Due to the recent tornadoes, severe and straight-line winds, storms, and flooding in the Southeastern United States, governmental agencies, both federal and state, are warning folks about clean-up hazards. The U.S. Environmental Protection Agency has warned homeowners, volunteers and other workers to take steps to ensure that individuals, especially children, are not at increased risk for lead poisoning because of clean up and repair work around structures that may contain lead-based paint. Pregnant women and children especially are urged to keep away from work that could disturb lead-based paint. All persons working on potential lead-based paint surfaces should take precautions to prevent the spread of lead dust, which may pose a hazard to children and pregnant women during cleanup resulting from natural disasters.
The Renovation Repair and Painting Rule requires that workers disturbing lead-based paint be trained and certified, notify residents of the lead dust hazards, and follow lead-safe work practices, in order to reduce exposure to lead dust. Because of the nature of the storm recovery work, certain emergency provisions in the RRP apply. Work covered under the RRP rule on storm-damaged housing will not require advance notice or trained renovators to remove materials from homes. Emergency renovation activities are also exempt from the warning sign, containment, waste-handling, training, and certification requirements to the extent necessary to respond to the emergency.
Other renovation activities are subject to the rule requirements. Volunteer workers, who do not receive compensation for work, are not required to be certified. But they should educate themselves about lead-safe work practices so as not to inadvertently cause hazards for themselves or other family members. The RRP program mandates that contractors, property managers and others working for compensation, in homes and child-occupied facilities built before 1978, must be trained and use lead-safe work practices. They are also required to provide a copy of the lead pamphlet “Renovate Right; Important Lead Hazard Information for Families, Child Care Providers and Schools” to owners and occupants before starting renovation work. If you need more information relating to lead-based paint, contact the National Lead Information Center at 800-424-LEAD (5323).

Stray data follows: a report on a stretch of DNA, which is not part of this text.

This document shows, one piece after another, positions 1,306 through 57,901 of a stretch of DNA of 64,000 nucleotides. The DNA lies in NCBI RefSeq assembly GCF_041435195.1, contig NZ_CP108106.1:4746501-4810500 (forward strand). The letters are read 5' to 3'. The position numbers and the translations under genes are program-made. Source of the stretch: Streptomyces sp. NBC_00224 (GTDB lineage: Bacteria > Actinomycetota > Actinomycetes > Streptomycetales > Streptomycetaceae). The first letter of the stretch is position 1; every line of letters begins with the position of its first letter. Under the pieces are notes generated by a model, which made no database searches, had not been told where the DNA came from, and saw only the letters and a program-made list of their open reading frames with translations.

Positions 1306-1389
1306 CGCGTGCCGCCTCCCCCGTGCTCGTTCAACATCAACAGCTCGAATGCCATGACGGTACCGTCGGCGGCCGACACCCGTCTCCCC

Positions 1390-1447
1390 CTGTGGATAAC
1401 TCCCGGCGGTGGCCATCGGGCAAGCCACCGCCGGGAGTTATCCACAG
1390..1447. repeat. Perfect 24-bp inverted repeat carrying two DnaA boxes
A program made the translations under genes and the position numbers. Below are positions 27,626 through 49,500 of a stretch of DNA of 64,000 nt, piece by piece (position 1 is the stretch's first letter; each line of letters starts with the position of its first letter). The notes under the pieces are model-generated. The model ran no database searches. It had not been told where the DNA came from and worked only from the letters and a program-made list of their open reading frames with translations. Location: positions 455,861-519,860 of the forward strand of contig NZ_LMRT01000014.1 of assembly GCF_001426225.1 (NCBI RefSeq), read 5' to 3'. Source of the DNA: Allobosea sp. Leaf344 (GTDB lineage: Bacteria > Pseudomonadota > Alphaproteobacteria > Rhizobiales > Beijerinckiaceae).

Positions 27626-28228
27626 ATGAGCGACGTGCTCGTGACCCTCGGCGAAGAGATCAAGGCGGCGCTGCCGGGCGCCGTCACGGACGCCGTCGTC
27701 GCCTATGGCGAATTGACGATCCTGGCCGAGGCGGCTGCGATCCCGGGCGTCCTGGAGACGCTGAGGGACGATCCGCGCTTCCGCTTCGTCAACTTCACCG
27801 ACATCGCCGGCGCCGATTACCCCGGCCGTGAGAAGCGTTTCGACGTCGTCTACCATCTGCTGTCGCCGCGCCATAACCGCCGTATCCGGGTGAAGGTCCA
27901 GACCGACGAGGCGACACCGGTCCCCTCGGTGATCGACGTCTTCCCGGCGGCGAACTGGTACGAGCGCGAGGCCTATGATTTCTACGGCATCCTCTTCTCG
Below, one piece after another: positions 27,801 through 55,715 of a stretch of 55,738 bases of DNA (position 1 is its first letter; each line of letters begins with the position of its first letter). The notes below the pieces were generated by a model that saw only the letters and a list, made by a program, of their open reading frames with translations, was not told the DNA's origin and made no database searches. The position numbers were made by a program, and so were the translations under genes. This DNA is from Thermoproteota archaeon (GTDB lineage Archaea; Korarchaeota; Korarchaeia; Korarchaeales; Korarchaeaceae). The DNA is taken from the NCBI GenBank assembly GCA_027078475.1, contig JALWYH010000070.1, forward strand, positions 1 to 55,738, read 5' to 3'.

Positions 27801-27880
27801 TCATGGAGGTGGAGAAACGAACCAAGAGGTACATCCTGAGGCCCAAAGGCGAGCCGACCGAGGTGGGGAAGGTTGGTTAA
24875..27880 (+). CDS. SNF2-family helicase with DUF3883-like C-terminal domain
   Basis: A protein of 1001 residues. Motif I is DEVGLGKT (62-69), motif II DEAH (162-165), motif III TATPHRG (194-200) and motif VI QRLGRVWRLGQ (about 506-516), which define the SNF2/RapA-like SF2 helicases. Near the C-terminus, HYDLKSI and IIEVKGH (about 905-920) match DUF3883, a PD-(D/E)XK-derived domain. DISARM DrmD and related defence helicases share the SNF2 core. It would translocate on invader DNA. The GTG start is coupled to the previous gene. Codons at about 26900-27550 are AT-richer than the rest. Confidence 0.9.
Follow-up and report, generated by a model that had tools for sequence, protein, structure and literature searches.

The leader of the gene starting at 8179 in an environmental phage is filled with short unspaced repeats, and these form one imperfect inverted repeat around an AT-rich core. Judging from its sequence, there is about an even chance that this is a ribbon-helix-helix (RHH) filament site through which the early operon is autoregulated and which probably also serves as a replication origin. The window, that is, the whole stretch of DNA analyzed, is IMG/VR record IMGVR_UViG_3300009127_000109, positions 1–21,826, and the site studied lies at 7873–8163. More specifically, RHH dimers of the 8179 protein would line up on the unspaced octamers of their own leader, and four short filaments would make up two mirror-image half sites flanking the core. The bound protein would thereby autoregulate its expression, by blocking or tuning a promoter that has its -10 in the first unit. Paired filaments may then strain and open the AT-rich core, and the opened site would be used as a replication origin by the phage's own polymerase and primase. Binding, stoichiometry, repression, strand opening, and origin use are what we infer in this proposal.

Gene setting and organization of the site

The Alabama Department of Public Health has also warned that cleaning up storm-damaged buildings can create serious health and environmental hazards. Buildings that have been damaged can produce a range of materials that may be hazardous. In addition to lead, they include asbestos, home or industrial cleaning products and insulation. Elevated concentrations of airborne asbestos can occur if asbestos-containing materials in many older homes are disturbed. Pipe or other insulation, ceiling tiles, exterior siding, roof shingles and sprayed-on soundproofing are just some of the materials found in older buildings that may contain asbestos. Buildings constructed before 1980 are more likely to contain asbestos. Airborne asbestos can cause lung cancer and mesothelioma, a cancer of the chest and abdominal linings.
If damaged public and commercial buildings are intact and safe to enter, all regulatory requirements are in force if the buildings are to be demolished or renovated. But, there are no regulatory requirements for damaged public or commercial buildings if they are significantly damaged, are unsafe to enter, and are to be destroyed. During demolition of these heavily-damaged buildings, debris must be kept wet. Complete demolition is unrestricted, but partially damaged structures that are rebuilt must be cleared for lead problems before they are occupied again.
Sources: EPA and Alabama Department of Public Health
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